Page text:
Intensification potential and the supply of residential units

Reflecting past practice, the City of Ottawa has fallen into the habit of framing the PPS requirement as a supply of residential land. For example, in the 2018 Development Report (which is where this accounting is reported upon annually):


“The Provincial Policy Statement requires a minimum of 10 year supply of residential land to be maintained at all times.” (5. Land Demand)


But the PPS makes no reference to land at all, only to “the ability to accommodate residential growth” and it puts the emphasis on intensification and redevelopment to do so. To forestall objections to quantifying intensification as a legitimate means of filling out the 15 year supply, it is useful to examine the practice of other planning authorities subjected to the PPS.


The city of St Catharine’s for example meets its growth requirements, including the additional minimum supply constraint, relying heavily on intensification and redevelopment, with no urban expansion. A few extracts from their current Official Plan (2012):

  • Today the City is comprised of an Urban Area that encompasses approximately 7060 hectares of land and 70 % of the municipal planning area. (2.3.1, p.5)


  • The remaining 30 % of the municipal planning area is the Agriculture Area, comprising approximately 2725 hectares of land. (2.3.1, p.5)


  • This Plan does not support any expansion of the Urban Area, this in recognition of a sustainable planning ethic, and the value and opportunities the Agriculture Area and community have in enhancing the City’s sense of place. (2.3.1, p.6)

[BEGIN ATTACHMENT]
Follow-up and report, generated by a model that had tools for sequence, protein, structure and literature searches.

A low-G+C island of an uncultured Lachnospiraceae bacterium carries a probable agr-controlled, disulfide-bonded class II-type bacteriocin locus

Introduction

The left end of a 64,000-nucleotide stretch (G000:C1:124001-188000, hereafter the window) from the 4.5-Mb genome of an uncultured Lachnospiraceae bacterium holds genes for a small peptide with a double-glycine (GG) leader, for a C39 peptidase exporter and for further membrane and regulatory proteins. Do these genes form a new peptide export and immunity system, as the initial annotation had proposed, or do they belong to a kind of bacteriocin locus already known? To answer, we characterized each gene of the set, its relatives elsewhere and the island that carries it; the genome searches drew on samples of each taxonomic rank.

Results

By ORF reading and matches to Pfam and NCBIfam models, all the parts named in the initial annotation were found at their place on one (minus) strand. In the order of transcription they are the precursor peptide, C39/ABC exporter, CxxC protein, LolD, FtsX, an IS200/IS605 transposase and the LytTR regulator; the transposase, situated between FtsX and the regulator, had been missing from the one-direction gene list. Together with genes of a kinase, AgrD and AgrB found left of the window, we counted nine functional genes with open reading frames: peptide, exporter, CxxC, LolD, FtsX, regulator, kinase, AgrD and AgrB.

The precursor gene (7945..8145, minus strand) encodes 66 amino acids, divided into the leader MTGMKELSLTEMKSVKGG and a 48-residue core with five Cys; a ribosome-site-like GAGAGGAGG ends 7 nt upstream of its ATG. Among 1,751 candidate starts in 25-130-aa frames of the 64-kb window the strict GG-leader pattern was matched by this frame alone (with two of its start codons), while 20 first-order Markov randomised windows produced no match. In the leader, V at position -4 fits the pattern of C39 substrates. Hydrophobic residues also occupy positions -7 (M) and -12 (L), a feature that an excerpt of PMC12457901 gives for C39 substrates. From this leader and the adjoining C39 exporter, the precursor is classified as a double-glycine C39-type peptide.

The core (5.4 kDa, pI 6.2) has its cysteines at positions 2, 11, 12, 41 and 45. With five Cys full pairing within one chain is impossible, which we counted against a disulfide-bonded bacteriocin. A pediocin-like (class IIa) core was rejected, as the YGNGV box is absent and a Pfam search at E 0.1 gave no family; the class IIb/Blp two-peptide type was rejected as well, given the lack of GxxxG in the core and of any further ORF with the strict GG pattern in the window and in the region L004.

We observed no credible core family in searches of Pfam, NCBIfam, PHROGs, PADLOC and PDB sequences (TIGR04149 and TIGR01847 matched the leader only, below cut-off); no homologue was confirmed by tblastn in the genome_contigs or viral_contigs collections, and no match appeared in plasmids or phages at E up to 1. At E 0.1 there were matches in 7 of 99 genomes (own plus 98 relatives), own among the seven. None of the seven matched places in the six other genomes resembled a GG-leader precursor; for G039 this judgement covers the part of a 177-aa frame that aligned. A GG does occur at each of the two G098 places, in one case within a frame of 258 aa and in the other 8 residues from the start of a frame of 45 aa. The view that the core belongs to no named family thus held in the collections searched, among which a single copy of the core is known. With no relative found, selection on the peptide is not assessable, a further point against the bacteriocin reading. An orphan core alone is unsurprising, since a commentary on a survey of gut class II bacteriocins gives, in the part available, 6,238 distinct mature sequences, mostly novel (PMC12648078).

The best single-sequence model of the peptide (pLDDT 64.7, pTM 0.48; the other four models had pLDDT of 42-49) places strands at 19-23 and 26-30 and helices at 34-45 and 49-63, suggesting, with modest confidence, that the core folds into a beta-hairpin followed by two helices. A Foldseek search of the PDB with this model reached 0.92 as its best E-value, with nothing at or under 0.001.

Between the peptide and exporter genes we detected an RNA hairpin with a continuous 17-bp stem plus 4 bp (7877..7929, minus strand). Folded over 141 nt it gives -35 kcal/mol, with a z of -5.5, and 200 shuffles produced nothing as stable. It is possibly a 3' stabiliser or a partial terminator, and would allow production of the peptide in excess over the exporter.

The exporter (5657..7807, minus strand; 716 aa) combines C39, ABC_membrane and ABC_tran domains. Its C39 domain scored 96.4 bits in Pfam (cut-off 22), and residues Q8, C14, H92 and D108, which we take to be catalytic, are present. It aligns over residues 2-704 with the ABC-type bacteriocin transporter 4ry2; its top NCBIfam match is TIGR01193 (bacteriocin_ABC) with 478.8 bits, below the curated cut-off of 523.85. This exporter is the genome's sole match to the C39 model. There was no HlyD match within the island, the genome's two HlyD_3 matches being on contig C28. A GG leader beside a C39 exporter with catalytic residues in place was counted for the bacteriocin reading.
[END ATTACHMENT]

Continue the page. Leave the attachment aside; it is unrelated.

• The Plan recognizes a finite Urban Area, and within it, a diminishing vacant land supply and a finite occupied land base to accommodate projected population and employment growth. (2.3.3, p.7)


  • This Plan establishes a minimum intensification target of 95 per cent. (2.3.3, p.8)

This is the reality of many cities with finite urban areas. In the context of climate change, the City of Ottawa can and must adopt a similar approach. There is nothing in the PPS to stop it from doing so.

This means quantifying intensification in terms of years of supply of housing potential. The starting point for this exercise is to have some measure of the total intensification potential of the city. How many additional units can realistically be added in the currently built up area of the city?

There is no current measure of this potential. The City keeps track of intensification achieved against the target rates that are set in the Official Plan but these targets are against projected growth (i.e. share of projected growth achieved through intensification), not intensification potential. These are the current targets as per OPA 150.


“The City’s target for residential intensification, as defined in Policy 1, is the minimum proportion of new residential dwelling units and accommodation based upon building permit issuance by calendar year in the urban area.  The target will be:  38% in 2012-2016; 40% in 2017-2021; 42% in 2022-2026; and 44% in 2027-2031.  [Amendment #150 May14, 2018]” (2.2.2 Policy 3)